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The Challenge of Social Media Marketing: Getting from “Awareness” to “Trust”

Online marketers are now beginning to understand that successful social media marketing is a journey. It takes off from the plains of business exposure, where your efforts get your products and services noticed by your prospects. Then it wends its way through the fickle maze of customer preferences and expectations, hopefully earning that vote of confidence known as the “Like.”

If things go as planned, the journey ought to end at that most fervently desired of all accomplishments-- winning the customer’s trust. Awareness is one of social media’s strengths. A recent survey undertaken by Pagemodo reveals, rather surprisingly, that social media marketers consider “audience awareness” and “traffic generation” as the top benefits of their efforts, edging out even “improvement in sales.”

This may be because creating awareness is quite easy using social media. There are two things working for you in social networks. First is their sheer enormity. Even the obscure, moderately successful and highly niche networks have member bases that are equivalent to the population of a small country. This is what initially drives businesses wild over social media; the lure of enormous markets is simply overwhelming.

The other advantage of social networks is a phenomenon now known as “virality”, when messages get passed on like wildfire across a network. These two advantages conspire to almost assure you that your marketing message will reach a large number of people -- all prospects for new business. So it’s great that social media can get you the eyeballs, but this is hardly the end you would like to achieve; it is only the beginning.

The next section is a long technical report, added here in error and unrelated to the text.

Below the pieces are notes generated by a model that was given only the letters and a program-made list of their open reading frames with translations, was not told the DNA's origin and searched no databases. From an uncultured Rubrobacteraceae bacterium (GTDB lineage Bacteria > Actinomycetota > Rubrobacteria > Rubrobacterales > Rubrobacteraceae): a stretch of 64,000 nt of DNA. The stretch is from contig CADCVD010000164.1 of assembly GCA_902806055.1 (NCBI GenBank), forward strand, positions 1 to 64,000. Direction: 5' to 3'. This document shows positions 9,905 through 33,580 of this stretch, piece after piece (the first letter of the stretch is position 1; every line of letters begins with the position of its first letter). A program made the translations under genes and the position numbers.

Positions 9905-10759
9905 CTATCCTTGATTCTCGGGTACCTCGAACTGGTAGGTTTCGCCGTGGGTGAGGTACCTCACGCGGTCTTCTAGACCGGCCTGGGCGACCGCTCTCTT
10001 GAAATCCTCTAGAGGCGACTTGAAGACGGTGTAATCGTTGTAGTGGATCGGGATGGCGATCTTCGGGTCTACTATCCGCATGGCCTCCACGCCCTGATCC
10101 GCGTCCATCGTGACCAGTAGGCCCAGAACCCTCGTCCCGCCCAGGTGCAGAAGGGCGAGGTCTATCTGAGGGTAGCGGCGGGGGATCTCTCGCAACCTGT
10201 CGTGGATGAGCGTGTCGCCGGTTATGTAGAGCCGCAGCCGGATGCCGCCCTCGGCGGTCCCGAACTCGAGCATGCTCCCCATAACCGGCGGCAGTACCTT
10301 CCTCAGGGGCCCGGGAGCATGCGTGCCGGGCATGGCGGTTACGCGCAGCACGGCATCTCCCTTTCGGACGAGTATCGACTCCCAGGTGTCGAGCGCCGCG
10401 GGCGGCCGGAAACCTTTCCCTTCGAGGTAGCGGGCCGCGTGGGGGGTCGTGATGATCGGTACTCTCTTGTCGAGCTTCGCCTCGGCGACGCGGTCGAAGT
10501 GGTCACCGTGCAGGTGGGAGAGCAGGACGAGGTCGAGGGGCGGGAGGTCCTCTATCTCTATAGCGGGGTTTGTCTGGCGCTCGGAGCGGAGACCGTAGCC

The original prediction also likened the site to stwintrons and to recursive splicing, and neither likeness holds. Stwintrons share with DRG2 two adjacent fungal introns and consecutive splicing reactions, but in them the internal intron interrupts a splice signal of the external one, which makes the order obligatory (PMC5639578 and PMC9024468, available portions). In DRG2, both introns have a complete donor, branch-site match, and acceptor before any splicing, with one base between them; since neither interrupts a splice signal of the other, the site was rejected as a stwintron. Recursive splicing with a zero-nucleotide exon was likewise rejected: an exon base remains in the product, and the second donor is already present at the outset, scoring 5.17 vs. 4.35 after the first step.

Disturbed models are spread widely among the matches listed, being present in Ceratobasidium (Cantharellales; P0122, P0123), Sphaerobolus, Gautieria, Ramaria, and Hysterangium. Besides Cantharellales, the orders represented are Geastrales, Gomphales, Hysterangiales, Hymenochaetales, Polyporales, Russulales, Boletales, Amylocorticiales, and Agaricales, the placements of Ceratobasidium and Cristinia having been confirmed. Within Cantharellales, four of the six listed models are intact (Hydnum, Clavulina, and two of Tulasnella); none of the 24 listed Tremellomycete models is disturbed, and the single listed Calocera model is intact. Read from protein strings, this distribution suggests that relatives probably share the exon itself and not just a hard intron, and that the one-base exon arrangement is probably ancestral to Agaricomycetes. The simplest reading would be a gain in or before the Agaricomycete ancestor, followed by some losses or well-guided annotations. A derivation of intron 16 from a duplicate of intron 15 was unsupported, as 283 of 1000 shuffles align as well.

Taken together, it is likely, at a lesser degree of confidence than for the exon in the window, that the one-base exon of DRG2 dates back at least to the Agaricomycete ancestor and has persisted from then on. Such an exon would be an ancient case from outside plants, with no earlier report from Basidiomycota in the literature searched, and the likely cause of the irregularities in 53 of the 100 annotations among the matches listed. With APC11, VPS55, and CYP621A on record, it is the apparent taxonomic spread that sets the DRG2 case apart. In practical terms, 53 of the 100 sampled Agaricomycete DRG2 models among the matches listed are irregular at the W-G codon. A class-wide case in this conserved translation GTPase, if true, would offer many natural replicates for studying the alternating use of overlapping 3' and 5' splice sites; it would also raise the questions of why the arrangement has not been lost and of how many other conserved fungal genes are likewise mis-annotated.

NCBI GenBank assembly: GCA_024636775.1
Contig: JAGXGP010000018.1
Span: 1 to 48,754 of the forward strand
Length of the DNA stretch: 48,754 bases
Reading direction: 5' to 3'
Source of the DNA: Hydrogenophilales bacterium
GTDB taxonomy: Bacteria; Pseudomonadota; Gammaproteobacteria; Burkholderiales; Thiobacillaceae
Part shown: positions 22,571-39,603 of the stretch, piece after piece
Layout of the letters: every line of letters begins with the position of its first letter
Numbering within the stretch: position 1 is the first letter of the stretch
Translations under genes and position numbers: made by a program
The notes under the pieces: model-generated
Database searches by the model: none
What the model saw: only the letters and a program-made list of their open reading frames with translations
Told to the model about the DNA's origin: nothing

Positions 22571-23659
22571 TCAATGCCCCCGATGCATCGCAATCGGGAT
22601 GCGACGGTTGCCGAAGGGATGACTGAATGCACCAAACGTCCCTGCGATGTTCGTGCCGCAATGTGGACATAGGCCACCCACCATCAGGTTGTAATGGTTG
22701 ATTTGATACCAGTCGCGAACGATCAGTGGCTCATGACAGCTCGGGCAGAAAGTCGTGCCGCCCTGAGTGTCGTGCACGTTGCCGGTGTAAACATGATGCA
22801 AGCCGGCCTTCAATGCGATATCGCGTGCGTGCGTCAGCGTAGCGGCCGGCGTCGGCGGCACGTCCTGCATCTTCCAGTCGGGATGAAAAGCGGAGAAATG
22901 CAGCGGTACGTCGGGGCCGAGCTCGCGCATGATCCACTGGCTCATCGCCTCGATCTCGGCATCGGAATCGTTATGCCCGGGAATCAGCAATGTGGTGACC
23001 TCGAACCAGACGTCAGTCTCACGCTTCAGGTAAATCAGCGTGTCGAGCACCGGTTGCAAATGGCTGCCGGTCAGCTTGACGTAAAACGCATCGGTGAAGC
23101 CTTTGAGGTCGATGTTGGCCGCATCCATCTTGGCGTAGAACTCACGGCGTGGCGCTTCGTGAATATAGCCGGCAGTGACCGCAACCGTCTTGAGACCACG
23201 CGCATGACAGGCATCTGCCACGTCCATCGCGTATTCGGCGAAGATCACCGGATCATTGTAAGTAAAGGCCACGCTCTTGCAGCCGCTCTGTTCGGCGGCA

Now that you have people’s attention, the next step is to engage them effectively enough so that they form an opinion and are coaxed into positive action. In other words, you should aim to get people to click on the “Like” button (if you’re on Facebook) or its equivalent in the platform you are using. Engagement is the name of the game, and it involves giving your audiences what they seek.

Of course that’s easier said than done; engaging your audiences starts with knowing them intimately -- their problems, their interests and even their media consumption habits -- then offering solutions to their problems, feeding their interests and supporting their consumption habits. There are many approaches to engaging your audience.

The one (or ones) you pick will depend on what you know about your target markets. Some strategies that have worked well in the past include finding the thing about your product that resonates with your targets, soliciting inputs from customers, positioning yourself, your company or your products as the market leader, creating games for customers to play and win prizes and offering exclusive content to lure customers to sign up.

Regardless of whichever approach you employ, you need to make sure that you are both creative and consistent. Creativity will keep it interesting for your customers and provide the “wow” factor that creates buzz for you. Consistency helps you build your credibility, assuring your customers that they can depend on you. This also helps to carry you to the next and final level of this lengthy process: earning the trust of your audiences.

Trust, then, is the holy grail we all, as social media marketers work hard to achieve. It means winning and capturing the hearts and minds of our audiences. It is the point at which we successfully convert a contact into a relationship. British billionaire Richard Branson declares that the secret to lasting success is securing your customers’ trust. Trust is certainly the key to Walgreen’s continuing success in the marketplace, despite continued pressure from such retail store giants as Wal-Mart.

Charles Green and Andrea Howe, in their book “The Trusted Advisor” (http://trustedadvisor.com/books/the-trusted-advisor) talk about trust as the function of four key variables: credibility, reliability, intimacy and self-orientation. Interestingly, each of these factors are the very same goals we seek to attain in our social media marketing efforts.

 

Edwin Huertas - Isis CMS

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